I recently read the story in the Sun Journal (April 16) titled “Maranacook teacher brings WWII to life for students.” The story references a photo of the Nuremberg war crimes trial of Nazi and political leaders and an unattributed statement that “All of the Nazi leaders were convicted of war crimes, and all were executed by hanging.”

This statement is incorrect. Of the 21 Nazi defendants tried by the International Military Tribunal in Nuremberg between Nov. 20, 1945, and Oct. 1, 1946, only 11 were sentenced to death. Three were sentenced to life imprisonment, four were sentenced to terms from 10 to 20 years, and three — Hans Fritzsche, Franz Poppen and Dr. Hjalmar Schacht — were acquitted.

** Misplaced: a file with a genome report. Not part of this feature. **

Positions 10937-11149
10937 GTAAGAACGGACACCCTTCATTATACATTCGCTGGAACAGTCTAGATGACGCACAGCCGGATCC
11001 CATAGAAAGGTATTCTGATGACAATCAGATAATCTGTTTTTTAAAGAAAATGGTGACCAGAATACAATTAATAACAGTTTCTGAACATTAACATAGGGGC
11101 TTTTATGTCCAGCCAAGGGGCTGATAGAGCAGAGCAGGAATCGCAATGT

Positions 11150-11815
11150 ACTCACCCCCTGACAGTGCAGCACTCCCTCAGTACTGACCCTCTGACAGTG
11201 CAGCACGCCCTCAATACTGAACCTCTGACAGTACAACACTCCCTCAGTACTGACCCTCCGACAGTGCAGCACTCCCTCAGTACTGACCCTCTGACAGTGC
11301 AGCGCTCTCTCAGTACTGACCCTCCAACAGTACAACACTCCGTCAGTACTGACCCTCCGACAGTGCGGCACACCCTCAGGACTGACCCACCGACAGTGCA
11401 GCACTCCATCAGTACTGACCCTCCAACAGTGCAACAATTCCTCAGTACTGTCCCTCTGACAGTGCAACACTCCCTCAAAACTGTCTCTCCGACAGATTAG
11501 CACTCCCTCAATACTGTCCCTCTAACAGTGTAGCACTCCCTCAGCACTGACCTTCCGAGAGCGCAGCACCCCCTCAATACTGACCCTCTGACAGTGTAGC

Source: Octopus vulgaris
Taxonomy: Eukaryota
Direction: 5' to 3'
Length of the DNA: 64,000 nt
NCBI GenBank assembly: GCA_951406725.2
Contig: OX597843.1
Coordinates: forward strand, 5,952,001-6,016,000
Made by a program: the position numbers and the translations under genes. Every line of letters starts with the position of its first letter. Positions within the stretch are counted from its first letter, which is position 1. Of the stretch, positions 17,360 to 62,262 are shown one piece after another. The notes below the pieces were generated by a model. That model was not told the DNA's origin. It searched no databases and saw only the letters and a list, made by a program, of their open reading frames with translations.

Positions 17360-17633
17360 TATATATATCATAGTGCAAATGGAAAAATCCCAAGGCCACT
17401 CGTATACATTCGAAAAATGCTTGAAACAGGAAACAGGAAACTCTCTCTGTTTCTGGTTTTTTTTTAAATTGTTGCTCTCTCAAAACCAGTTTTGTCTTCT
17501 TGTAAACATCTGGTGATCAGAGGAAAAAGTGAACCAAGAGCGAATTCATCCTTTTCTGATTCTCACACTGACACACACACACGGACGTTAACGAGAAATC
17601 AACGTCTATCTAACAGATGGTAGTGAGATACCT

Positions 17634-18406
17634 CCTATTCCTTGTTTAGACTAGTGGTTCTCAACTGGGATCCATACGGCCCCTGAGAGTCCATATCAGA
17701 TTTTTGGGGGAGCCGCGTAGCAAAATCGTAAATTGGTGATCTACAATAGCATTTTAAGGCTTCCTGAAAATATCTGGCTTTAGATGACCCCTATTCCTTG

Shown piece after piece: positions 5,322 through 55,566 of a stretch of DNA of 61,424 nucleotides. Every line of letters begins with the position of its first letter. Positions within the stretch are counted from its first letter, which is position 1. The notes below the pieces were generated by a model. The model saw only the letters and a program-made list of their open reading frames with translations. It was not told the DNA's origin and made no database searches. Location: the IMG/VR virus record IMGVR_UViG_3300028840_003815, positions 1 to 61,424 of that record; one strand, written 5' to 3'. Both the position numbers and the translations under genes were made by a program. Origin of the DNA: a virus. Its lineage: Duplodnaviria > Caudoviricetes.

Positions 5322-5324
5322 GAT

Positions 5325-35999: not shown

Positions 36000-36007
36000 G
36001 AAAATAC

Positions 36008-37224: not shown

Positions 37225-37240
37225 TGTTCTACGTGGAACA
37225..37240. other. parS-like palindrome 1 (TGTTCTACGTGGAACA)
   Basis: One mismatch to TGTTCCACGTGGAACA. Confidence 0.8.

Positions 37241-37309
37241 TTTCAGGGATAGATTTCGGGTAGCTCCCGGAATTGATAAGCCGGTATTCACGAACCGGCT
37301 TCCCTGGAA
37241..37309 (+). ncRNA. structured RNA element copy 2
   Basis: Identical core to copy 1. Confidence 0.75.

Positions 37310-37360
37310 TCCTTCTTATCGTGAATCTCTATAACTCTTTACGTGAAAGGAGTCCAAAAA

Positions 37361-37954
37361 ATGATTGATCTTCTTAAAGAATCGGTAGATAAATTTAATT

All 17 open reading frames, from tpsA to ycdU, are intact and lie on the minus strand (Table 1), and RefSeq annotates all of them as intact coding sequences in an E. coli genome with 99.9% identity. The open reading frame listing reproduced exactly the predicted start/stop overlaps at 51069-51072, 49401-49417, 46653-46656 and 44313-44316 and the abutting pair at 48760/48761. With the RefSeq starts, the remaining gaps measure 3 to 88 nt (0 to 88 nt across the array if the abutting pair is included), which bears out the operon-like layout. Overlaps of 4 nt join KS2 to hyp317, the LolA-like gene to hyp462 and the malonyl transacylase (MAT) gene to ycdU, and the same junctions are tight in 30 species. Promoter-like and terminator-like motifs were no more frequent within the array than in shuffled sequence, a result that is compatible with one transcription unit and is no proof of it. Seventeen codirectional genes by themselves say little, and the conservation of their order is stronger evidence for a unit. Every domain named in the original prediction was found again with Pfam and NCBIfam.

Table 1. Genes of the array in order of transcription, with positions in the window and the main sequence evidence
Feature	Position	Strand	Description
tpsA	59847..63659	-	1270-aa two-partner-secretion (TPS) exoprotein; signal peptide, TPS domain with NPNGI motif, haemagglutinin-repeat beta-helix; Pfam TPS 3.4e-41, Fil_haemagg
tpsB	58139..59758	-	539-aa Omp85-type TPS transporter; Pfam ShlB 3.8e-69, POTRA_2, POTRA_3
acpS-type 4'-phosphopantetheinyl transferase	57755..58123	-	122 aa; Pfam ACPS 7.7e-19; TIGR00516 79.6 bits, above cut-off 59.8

There were four counts of the indictment, of which war crimes was only one. The other counts were conspiracy to wage aggressive war, crimes against peace, and crimes against humanity. Not all defendants were charged with each count.

Admiral Karl Donitz, who became president of Germany upon the death of Hitler, was convicted of crimes against peace and war crimes; he was sentenced to 10 years.

Julius Streicher, Gauleiter of Franconia from 1922 to 1940, and publisher of the weekly newspaper Die Sturmer, was found guilty of conspiracy to wage aggressive war and crimes against humanity. He was sentenced to death.

One hopes that teachers and reporters everywhere check their facts before attempting to educate.

Mike Banas, Brunswick